A summary of the MMR status for the endometrial carcinomas is presented according to tumor histotype and grade in Table 2. Loss of MMR protein was more frequent in the pure endometrioid group (p=0.0001). This difference was predominantly attributable to a greater proportion of pure endometrioid tumors with MLH1 methylation compared to non-endometrioid tumors. Note also that, among the non-endometrioid group, mixed carcinomas were the histotype that most commonly had loss of a MMR protein.
Table 3 shows the correlation between PTEN loss detected by immunohistochemistry (cases scored as negative or heterogeneous) versus PTEN mutation in tumors with intact MMR and loss of a MMR protein. In pure endometrioid tumors, the frequency of PTEN loss measured by immunohistochemistry (p=0.2285) and mutation (p=0.3029) did not differ significantly between the MMR intact or MMR loss groups, suggesting that PTEN loss, no matter the mechanism, is independent of MMR status in endometrioid-type endometrial carcinoma. However, in non-endometrioid tumors, both PTEN immunohistochemical loss (p=0.0030) and PTEN loss due to mutation (p=0.0009) were significantly more frequent in tumors with loss of MMR. Interestingly, 7 of 8 of these non-endometrioid tumors with PTEN protein loss by immunohistochemistry were tumors with PTEN mutations.
Table 4 summarizes the specific nature of PTEN mutations in endometrial carcinomas with MLH1 protein loss due to MLH1 methylation (sporadic) and in endometrial carcinomas with immunohistochemical loss of MLH1 (MLH1 unmethylated), MSH2, MSH6, and PMS2 (likely Lynch Syndrome associated). It is interesting to note the difference in the distribution of PTEN gene insertions/deletions in pure endometrioid tumors with PTEN loss and loss of MMR, which concentrate in exons 7 and 8 compared to pure endometrioid tumors with PTEN loss and intact MMR, which seem to span over the entire PTEN gene. A similar trend is observed in the non-endometrioid tumors. In the non-endometrioid group, tumors with exon 7, exon 8 and exon 8 boundary PTEN sequence abnormalities correspond to 2 mixed endometrioid/non-endometrioid carcinomas and 1 undifferentiated carcinoma. Of the 11 PTEN insertions/deletions that occurred in pure endometrioid tumors with loss of MMR (sporadic tumor or Lynch Syndrome), 8 were in poly A5 and A6 tracts. Of the 5 PTEN insertions/deletions that occurred in non-endometrioid tumors with loss of MMR, 2 were in poly A5 and A6 tracts.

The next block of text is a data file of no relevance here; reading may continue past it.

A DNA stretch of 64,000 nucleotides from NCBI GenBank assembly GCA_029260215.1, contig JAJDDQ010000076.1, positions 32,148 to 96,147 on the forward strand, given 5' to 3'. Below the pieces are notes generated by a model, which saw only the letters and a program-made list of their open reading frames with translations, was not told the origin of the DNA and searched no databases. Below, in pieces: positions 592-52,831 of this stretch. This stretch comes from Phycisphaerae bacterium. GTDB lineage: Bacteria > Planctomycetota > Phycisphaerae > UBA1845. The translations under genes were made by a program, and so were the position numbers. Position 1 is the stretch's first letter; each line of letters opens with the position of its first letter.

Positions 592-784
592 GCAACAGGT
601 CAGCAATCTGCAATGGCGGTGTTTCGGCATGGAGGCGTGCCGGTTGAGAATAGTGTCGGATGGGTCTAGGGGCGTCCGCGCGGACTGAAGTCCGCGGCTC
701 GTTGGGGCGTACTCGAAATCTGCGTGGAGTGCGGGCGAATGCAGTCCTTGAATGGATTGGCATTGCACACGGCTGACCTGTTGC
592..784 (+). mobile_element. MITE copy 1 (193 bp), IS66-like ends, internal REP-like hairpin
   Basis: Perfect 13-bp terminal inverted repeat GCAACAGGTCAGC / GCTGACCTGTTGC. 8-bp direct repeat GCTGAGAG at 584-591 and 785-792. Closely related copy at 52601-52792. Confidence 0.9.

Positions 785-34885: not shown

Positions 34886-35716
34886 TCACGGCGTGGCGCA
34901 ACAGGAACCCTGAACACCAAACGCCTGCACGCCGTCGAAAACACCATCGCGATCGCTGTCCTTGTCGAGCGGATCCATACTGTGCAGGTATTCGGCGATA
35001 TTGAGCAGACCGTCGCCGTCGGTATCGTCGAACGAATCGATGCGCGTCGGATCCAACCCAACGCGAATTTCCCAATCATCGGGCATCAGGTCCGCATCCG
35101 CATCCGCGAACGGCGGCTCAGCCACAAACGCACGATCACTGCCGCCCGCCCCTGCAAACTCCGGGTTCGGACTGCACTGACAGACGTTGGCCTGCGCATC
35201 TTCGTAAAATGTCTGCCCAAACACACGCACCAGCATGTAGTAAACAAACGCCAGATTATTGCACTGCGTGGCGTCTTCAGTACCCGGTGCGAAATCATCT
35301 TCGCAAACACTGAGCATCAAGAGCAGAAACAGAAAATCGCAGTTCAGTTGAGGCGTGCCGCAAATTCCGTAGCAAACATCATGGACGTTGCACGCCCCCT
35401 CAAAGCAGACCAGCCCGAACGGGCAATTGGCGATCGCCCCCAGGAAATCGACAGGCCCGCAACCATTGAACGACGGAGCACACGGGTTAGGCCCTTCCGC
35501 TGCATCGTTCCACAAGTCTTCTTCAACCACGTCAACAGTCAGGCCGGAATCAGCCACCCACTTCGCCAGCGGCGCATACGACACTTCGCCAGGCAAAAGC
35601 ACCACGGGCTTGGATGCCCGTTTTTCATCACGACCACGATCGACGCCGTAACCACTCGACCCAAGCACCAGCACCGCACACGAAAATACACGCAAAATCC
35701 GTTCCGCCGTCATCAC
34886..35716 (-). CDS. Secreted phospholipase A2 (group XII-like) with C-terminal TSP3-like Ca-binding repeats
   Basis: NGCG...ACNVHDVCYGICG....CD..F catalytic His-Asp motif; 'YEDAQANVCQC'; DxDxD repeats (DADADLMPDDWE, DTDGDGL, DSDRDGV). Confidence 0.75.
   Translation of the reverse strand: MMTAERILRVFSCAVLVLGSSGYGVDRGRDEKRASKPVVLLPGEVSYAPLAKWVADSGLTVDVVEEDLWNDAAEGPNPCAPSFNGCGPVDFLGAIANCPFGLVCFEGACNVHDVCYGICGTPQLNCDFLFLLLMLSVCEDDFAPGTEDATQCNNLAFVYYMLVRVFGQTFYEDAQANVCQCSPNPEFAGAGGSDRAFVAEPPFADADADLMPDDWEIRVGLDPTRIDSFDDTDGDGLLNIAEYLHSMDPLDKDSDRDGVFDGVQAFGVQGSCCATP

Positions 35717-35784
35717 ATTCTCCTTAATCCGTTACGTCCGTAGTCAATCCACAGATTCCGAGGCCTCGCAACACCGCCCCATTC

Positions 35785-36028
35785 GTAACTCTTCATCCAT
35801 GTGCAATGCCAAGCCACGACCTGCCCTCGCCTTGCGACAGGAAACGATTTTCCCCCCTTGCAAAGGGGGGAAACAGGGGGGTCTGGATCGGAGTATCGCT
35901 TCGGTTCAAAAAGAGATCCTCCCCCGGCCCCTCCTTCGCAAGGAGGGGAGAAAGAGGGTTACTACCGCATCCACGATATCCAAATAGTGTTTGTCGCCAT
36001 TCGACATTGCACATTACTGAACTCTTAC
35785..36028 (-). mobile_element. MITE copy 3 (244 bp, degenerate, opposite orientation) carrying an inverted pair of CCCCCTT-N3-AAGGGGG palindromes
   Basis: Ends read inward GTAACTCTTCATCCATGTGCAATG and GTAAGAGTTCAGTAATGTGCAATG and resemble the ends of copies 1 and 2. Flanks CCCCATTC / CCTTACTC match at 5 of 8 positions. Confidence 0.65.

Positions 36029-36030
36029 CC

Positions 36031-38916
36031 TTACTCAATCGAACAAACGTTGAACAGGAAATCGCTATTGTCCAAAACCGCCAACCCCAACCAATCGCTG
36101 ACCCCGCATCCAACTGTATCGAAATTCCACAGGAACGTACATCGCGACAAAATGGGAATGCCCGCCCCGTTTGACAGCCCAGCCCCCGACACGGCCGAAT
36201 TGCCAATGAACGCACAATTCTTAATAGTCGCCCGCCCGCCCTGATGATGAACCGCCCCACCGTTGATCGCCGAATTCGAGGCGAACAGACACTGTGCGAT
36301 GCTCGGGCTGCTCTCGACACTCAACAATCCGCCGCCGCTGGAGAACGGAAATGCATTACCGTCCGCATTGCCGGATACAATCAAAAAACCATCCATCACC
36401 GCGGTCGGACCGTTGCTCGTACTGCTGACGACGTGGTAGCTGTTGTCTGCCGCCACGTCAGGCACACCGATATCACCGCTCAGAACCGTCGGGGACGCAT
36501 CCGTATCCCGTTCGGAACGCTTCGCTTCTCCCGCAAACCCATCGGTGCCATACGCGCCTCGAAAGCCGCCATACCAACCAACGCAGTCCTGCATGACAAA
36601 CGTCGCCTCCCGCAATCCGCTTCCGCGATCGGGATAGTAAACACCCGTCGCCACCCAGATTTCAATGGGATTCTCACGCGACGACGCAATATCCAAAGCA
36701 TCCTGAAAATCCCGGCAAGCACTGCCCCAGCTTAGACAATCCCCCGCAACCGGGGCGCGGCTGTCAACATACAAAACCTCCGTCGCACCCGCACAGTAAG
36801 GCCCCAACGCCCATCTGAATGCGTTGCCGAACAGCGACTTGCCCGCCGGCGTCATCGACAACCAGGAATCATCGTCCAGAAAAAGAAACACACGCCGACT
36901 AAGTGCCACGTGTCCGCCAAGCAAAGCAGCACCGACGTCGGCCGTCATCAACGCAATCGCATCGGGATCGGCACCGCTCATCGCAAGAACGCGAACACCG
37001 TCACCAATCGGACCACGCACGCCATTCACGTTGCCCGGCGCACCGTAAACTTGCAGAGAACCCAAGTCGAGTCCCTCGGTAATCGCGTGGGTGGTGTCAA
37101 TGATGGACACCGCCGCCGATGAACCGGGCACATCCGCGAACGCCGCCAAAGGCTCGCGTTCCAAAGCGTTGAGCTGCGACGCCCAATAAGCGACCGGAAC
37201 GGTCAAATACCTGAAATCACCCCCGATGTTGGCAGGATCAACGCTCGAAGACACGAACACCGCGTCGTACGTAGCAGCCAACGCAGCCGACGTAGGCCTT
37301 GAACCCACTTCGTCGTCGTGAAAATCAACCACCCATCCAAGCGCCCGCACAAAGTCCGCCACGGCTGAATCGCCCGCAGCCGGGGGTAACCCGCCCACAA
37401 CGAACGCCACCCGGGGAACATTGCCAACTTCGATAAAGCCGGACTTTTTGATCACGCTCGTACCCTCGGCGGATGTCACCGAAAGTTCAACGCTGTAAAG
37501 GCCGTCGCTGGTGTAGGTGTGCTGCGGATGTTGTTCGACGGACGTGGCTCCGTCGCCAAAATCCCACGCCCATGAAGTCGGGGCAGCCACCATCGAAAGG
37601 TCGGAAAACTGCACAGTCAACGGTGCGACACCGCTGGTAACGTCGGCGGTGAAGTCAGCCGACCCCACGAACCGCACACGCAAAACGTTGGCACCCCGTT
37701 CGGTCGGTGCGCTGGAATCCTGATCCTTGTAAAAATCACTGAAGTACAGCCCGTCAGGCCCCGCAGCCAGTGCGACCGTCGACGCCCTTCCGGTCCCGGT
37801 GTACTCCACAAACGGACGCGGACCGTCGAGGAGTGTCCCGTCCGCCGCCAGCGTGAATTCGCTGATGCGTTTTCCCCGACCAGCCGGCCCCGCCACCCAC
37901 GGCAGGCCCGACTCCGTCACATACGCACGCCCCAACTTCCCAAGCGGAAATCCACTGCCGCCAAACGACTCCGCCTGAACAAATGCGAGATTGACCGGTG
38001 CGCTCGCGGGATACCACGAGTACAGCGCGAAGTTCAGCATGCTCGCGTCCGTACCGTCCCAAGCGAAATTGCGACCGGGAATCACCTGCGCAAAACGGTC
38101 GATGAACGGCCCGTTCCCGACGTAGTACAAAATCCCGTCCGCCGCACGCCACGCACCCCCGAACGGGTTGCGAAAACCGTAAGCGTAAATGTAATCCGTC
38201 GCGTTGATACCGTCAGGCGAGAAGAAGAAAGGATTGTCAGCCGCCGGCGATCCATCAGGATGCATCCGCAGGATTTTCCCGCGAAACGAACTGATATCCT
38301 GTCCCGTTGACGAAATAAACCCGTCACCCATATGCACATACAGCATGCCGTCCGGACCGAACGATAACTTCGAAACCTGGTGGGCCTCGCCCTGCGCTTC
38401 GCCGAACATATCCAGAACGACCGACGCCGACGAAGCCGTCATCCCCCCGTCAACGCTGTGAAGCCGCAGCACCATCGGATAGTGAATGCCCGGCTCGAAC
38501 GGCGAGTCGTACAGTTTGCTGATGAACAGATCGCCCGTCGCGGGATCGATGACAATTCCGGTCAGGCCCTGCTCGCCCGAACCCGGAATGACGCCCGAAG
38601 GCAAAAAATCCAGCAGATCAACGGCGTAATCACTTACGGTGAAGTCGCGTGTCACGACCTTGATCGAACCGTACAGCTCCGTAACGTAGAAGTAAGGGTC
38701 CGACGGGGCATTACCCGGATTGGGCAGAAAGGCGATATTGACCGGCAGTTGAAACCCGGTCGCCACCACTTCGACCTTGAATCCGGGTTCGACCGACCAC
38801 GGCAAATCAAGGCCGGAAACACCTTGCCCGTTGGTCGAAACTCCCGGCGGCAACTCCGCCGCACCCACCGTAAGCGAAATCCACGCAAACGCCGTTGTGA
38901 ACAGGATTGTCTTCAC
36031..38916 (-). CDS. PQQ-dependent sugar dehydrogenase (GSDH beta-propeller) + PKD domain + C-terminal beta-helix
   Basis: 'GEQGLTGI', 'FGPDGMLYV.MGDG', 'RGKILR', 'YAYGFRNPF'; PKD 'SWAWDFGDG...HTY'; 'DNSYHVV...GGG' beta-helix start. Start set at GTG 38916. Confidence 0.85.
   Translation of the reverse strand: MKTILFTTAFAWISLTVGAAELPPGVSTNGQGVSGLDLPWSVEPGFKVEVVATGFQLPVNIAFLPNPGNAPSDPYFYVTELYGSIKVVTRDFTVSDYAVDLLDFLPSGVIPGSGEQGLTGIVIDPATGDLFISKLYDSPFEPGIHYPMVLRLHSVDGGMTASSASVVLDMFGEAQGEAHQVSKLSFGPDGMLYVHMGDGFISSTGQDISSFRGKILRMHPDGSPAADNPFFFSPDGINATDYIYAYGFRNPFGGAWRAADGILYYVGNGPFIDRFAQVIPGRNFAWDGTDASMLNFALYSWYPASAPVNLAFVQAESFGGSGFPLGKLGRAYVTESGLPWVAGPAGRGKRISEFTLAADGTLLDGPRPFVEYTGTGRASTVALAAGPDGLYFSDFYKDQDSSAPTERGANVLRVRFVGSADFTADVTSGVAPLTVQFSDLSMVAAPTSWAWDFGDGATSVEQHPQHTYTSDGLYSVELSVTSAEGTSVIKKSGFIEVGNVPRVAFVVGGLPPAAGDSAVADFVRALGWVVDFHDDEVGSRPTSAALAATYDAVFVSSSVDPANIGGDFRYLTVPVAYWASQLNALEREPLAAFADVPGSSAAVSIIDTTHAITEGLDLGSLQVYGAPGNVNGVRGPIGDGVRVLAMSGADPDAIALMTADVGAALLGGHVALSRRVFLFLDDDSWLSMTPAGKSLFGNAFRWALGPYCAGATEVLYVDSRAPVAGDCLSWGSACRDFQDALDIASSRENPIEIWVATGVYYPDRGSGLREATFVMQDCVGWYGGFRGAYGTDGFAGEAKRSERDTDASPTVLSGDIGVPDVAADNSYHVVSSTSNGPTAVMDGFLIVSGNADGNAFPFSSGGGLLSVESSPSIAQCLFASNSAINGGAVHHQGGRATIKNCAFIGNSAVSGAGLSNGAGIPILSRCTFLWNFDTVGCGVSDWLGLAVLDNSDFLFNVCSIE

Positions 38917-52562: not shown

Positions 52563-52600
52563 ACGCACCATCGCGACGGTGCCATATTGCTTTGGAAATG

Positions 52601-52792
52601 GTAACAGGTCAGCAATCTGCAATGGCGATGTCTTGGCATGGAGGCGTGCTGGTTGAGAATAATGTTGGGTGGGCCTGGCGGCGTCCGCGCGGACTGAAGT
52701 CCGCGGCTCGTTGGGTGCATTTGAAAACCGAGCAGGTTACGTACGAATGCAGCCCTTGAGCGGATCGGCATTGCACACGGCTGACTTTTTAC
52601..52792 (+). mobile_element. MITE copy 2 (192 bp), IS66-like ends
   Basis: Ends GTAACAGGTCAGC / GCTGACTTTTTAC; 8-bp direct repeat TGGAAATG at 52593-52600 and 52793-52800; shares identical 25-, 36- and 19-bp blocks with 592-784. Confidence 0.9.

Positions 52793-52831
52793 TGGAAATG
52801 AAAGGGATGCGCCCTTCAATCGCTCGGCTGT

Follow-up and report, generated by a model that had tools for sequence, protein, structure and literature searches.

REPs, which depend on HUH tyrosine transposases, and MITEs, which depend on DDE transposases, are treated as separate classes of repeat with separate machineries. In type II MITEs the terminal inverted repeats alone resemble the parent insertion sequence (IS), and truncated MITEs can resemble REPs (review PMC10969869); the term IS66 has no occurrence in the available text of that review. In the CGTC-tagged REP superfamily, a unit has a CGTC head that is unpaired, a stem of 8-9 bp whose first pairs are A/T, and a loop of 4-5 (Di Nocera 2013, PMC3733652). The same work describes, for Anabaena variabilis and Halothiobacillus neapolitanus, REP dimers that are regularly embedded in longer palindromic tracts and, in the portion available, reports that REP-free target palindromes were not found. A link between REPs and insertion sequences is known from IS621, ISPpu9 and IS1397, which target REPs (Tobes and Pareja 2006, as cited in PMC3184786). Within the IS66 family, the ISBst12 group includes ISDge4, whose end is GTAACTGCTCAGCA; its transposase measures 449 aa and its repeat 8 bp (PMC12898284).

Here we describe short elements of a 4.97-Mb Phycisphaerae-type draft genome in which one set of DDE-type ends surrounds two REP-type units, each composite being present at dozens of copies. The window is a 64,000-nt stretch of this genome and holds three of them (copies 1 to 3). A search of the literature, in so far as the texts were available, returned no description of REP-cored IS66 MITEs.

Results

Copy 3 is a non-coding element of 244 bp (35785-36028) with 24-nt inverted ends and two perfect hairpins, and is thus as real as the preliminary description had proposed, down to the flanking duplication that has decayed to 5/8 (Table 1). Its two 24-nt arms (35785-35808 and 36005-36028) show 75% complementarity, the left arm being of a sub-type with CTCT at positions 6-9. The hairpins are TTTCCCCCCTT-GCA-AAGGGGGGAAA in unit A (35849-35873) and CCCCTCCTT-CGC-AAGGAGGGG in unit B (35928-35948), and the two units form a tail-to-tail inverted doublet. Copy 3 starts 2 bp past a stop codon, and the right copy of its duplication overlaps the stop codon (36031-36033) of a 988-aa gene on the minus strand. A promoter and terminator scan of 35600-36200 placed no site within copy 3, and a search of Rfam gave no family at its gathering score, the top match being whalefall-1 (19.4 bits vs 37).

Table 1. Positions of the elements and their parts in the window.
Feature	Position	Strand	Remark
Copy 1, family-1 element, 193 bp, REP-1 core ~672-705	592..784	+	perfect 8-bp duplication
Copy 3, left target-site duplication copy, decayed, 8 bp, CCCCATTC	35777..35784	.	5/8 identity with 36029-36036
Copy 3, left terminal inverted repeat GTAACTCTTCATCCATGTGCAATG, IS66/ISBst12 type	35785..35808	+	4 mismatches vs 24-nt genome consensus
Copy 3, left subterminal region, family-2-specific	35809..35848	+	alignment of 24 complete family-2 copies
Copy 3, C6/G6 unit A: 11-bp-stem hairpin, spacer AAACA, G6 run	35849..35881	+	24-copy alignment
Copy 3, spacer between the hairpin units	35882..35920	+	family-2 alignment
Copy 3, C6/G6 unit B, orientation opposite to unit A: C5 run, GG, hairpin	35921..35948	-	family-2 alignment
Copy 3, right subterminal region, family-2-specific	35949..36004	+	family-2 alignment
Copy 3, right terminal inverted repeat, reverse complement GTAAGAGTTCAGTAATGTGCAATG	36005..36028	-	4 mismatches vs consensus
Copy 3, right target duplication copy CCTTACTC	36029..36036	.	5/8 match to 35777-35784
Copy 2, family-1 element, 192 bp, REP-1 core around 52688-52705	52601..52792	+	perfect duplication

For Table 5, PTEN immunohistochemistry and gene mutations are charted according to the specific MMR groups, MLH1 loss due to MLH1 methylation (sporadic endometrial carcinoma) and loss of MLH1 (MLH1 unmethylated), MSH2, MSH6, or PMS2 (likely Lynch Syndrome associated endometrial carcinoma). In both pure endometrioid and non-endometrioid tumors with MMR loss and PTEN loss due to mutation, MLH1 loss secondary to MLH1 methylation occurs with similar frequency as MMR loss likely due to Lynch Syndrome (28% vs. 22% in endometrioid and 33% vs. 33% in non-endometrioid tumors). Thus, assessment of PTEN, either by immunohistochemistry or sequencing, is not useful in distinguishing sporadic endometrial carcinomas with MLH1 methylation from Lynch Syndrome-associated endometrial carcinomas with loss of MLH1, MSH2, MSH6, or PMS2.
We next investigated whether PTEN status could specifically distinguish between sporadic endometrial carcinomas with MLH1 methylation (n=24) and MLH1 protein loss by immunohistochemistry and likely Lynch Syndrome associated endometrial carcinomas with MLH1 loss and no MLH1 methylation (n=7). PTEN mutation was detected in 14/24 of the sporadic cases and 5/7 of the likely Lynch Syndrome cases, while PTEN immunohistochemical loss was present in 20/24 sporadic tumors and 5/7 likely Lynch Syndrome tumors (data not shown). There was no statistical difference between the sporadic and Lynch Syndrome groups for either PTEN mutation or PTEN immunohistochemical loss. The numbers are small, but we can preliminarily conclude that PTEN assessment cannot reliably distinguish between these two groups of endometrial carcinomas with MLH1 loss by immunohistochemistry.